Updated: Dec 2, 2021
You might already know what a trademark is, but did you know there are different types of trademarks? And some offer more protection than others?
I'm going to break each type of trademark down a bit, explaining the type of intellectual property each one protects and how strong they are.
What is a Trademark?
A trademark is a great way to protect your brand.
5 Types of Trademarks
There are five primary types of trademarks. If you have a distinguishable aspect of your company, it's likely it can be trademarked. However, that decision is ultimately up to the courts.
While all trademarks carry the same TM symbol, they are not all treated equally. Some have little to no legal protection, while others are heavily protected. Here are the main types of trademarks!
Generic trademarks are rarely protected under the law. The USPTO usually doesn't approve generic marks and, if they did, it provides the least amount of protection.
What is a Generic Mark?
These are commonly used words that encompass a broader set of subcategories. If protected, they would hinder competing companies’ ability to convey their product. For example, if someone were granted the trademark rights to the word "rubber", companies that sell rubber products would have trouble describing their products without legally being able to use the word "rubber".
Additionally, several companies made products that were once protected by trademarks, but they became so popular that the names for them became used as an umbrella term for all similar products, too. When this happens, trademark protection is lost. These are known as genericized trademarks.
Trademark genericide is what happened with the “escalator”. Until the coining of the word, escalators were often referred to as inclined elevators or moving stairs. Otis, the company that popularized and owned the rights to “escalator”, made them better than anyone else at the time. They became so popular everyone began referring to all similar products as escalators, too. As a result, Otis lost their trademark in 1950, and the rest is history.
Gaining Protection for a Slogan
Slogans fall under this type of trademark even though they can potentially get protection by gaining a secondary meaning. A secondary meaning comes from being overwhelmingly recognizable. For example, “Just Do It”, “Eat Fresh”, and “Save Money, Live Better”. None of these slogans were trademarkable at first, but over time they became closely associated with their respective brands (Nike, Subway, and Walmart). Once that happened, they were able to be protected.
Like generic trademarks, descriptive trademarks are rarely granted protection under the law. This is because descriptive trademarks simply describe the product, such as “cold” soda or “salted” pretzels.
Similarly, surnames cannot be protected because they are considered descriptions, so you wouldn’t be able to trademark “Carter Used Cars” or “Smith Luxury Suits”... at first.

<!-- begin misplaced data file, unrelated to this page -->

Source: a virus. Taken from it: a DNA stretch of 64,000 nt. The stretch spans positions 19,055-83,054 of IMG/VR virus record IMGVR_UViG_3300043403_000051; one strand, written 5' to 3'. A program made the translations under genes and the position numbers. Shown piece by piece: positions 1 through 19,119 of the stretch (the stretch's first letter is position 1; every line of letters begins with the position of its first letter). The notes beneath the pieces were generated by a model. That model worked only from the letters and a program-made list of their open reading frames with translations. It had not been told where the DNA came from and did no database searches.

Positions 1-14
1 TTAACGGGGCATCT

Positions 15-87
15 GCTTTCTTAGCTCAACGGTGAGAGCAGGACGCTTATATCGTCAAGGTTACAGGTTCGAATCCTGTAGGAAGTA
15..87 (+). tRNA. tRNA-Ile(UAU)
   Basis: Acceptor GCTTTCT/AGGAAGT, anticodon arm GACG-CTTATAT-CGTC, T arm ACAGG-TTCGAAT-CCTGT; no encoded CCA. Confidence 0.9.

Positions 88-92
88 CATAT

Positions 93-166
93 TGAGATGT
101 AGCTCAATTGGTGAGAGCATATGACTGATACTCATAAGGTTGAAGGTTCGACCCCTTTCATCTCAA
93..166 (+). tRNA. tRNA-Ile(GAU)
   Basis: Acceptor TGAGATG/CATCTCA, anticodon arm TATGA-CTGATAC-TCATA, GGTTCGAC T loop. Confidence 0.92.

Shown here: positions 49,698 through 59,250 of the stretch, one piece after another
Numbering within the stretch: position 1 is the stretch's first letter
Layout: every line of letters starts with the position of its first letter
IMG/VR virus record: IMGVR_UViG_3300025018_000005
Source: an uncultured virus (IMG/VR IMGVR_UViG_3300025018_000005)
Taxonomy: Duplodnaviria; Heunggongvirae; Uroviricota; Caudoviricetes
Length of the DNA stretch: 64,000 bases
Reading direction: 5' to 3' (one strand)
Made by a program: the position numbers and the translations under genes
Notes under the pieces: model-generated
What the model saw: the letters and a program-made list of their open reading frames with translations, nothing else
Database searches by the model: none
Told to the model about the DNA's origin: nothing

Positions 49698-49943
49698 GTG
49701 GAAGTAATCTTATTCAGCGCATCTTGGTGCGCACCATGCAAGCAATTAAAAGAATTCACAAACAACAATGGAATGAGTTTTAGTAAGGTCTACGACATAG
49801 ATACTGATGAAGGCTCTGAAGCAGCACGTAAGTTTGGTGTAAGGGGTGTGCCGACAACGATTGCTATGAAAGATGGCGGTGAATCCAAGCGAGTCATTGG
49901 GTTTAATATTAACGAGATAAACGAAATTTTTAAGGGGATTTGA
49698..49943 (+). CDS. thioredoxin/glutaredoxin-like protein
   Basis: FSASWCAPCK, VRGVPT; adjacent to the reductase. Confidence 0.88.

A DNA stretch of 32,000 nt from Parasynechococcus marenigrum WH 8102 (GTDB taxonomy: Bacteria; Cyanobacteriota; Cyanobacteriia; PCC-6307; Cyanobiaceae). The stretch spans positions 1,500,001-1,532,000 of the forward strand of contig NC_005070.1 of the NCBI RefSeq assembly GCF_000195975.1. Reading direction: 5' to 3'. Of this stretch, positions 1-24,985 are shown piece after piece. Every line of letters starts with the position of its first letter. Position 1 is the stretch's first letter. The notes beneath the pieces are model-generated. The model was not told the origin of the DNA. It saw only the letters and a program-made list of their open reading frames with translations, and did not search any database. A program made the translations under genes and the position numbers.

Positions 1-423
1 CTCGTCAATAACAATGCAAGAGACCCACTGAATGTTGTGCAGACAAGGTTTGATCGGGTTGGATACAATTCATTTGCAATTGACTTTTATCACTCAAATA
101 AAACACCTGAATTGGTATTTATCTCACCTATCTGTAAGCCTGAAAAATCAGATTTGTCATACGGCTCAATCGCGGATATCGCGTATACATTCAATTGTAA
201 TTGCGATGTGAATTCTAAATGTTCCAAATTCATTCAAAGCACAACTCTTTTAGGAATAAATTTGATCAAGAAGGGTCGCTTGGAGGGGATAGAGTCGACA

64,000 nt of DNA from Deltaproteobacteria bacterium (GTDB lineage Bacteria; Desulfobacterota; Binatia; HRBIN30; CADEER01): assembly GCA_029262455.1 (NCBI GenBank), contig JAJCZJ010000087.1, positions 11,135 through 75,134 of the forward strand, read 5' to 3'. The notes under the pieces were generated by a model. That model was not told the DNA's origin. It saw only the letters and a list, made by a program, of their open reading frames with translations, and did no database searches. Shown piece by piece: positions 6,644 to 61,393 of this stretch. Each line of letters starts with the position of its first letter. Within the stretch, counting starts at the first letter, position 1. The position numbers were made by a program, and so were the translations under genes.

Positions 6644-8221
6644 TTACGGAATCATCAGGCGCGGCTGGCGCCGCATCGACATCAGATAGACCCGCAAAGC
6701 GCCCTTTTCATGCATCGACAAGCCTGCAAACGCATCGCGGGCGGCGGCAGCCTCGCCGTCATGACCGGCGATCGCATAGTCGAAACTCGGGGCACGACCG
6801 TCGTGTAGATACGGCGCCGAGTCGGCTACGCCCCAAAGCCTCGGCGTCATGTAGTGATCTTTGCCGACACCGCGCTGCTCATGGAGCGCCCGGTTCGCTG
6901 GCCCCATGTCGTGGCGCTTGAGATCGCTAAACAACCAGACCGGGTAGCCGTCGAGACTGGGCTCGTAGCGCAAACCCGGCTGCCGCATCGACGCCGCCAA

There is a way to obtain a protectable trademark for descriptive marks if they acquire a secondary meaning. This happens when something becomes increasingly popular and people associate the descriptive word to the source of the product being described.
Descriptive Trademark Examples
Two companies that were able to successfully obtain a protected descriptive trademark include McDonald’s and International Business Machines (IBM). Neither of these were able to be protected at first. Over time, many people began to associate cheeseburgers with McDonald's and computers with IBM. Because of this, a secondary meaning became associated with each name, allowing them to become legally protected.
We usually discourage this type of mark because it requires a lot of time, effort, and money to protect.
This type of trademark does not actually describe the product but suggests a characteristic. Because they tend to be unique, suggestive trademarks are often granted protection.
Suggestive Trademark Examples
Some examples include the car brand Jaguar and kitchen appliance company Kitchenaid:
Jaguar cars - Jaguars are fast and agile, so it's only fitting that a sports car company wants to associate their brand with them.
Kitchenaid - Kitchenaid wants to come across as a company that sells products to aid their consumers in the kitchen, hence the name of their brand
Arbitrary marks are words that already exist, but can easily gain protection because they aren’t likely to be confused with the original meaning of the words. This is because the trademark will be used in a different context than the original word.
Arbitrary trademarks are usually approved, and they offer a strong form of protection.
Arbitrary Trademark Example
An example of an arbitrary mark is Domino’s Pizza. If someone asked, “do you want Domino’s for dinner?”, almost no one would interpret that as them being asked if they want little game pieces for dinner.
This type of trademark is abundant. Some more examples include Apple (tech company), Amazon (eCommerce), and Dove (chocolate).
Fanciful trademarks have the most protection under the law. They are words that were non-existent before being trademarked.
In other words, they are made up to be the name of a company or product. Examples include Kodak (cameras), Exxon (petroleum), and Rolex (timepieces).
Need Help Determining the Right Trademark Protection?
Do you have an idea for a trademark, but still don’t know what type of trademark it is? Or maybe you just want some additional guidance with the trademark registration process.
Either way, we are here and would love to help. Contact us today so we can get you the protection you need.